By Timoleon Palaiologos,
In the contemporary world, one of the major economic factors that can transform a country is the country’s disposal of natural resources, especially its mineral wealth. Oil has been, at least for the most part, the principal resource; however, as time goes by, technological advancement in the field has allowed for other resources – such as natural gas – to become more accessible and therefore, more exploitable. Countries around the globe have realized how profitable it can be to manage and exploit these resources by using them as a safety net or even as a boost to their economy. Since approximately 70% of the earth’s surface is water-covered, huge reserves of mineral wealth are “hiding” in the bottom of the sea. As a result, it became apparent that countries need to have a legal standard regarding the delimitation of the maritime borders in order to avoid confusion and possible conflicts. This solution was the introduction of the Exclusive Economic Zone.
The concept of an Exclusive Economic Zone was introduced in the 1982 United Nations Convention for the Law of the Sea. The EEZ is an area adjacent to the territorial waters of a state which gives sovereign rights for the purpose of exploring and exploiting, conserving and managing the natural resources, whether living or non-living, of the waters superjacent to the seabed and of the seabed and its subsoil (UNCLOS 1982). The longest range of the EEZ is around 200 nautical miles, however the range is reduced accordingly if one or more state’s maritime borders overlap with one another. Generally speaking, the EEZ should be delimited in an agreement with bordering countries (if and when there are any) and if an agreement cannot be reached the states involved should always behave in accordance with international law promoting the peaceful resolution of the issue.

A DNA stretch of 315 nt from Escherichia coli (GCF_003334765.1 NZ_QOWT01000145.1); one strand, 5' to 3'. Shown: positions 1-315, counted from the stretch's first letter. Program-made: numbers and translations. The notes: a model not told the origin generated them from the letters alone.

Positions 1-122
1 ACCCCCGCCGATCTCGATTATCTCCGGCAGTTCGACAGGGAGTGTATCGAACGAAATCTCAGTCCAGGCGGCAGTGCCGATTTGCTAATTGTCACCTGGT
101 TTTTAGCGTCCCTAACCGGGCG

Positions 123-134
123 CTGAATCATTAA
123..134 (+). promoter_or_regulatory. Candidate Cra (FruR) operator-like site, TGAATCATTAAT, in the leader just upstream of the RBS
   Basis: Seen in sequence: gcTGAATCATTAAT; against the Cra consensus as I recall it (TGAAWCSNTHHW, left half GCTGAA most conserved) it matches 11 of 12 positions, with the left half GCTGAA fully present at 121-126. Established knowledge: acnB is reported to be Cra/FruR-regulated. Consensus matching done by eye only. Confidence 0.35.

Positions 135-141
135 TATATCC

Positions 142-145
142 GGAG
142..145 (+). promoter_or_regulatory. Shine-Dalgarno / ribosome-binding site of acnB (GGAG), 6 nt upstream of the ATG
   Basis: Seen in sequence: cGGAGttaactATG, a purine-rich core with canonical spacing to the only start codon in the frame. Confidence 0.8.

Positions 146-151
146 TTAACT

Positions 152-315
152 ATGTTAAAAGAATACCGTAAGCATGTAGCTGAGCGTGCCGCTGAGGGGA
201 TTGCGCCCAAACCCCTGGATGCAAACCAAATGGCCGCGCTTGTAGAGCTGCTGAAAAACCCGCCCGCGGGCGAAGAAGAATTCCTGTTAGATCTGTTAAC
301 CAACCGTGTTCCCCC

Examples of Resolved Disputes in Europe
Norway and Russia: This dispute arose because of the status of the Svalbard archipelago, over which Norway has full sovereignty, but which is regulated by the Svalbard Treaty (1920) rendering Norway subject to certain stipulations. The disagreement involved the maritime borders of Russia and Norway. On the 15th of September 2010, the two countries resolved the matter by signing a treaty. The states agreed to a “Special Area” east of the delimitation line that lies within 200 nautical miles from Norway but beyond 200 nautical miles from Russia; they agreed that it would be part of the Russian EEZ.
Throughout the years, there have been many cases when the states cannot reach an agreement by mutual consent, so they authorize the International Court of Justice in the Hague to settle the dispute.
Romania and Ukraine: The dispute between Romania and Ukraine was connected to the establishment of a single maritime boundary between the two states in the Black Sea, thereby the delimitation of the continental shelf and Exclusive Economic Zones that appertained to them (ICJ, case 132). The cause of the dispute was mainly due to Romania’s objection against the Ukrainian Serpent Island’s rights to a continental shelf as well as an EEZ and the states’ different interpretation of the areas under consideration as opposite coasts. After the failed attempts of both countries to resolve the matter in a bilateral level, Romania filed the dispute in the registry of the International Court of Justice on the 16th of September 2004. The judgment of the court was issued on the 3rd of February 2009 which concluded that Serpent Island’s influence should be limited to a 12 nautical miles arc around the island and put a delimitation line on both countries’ EEZ based on the court’s interpretation of the coasts.
Eastern Mediterranean Turmoil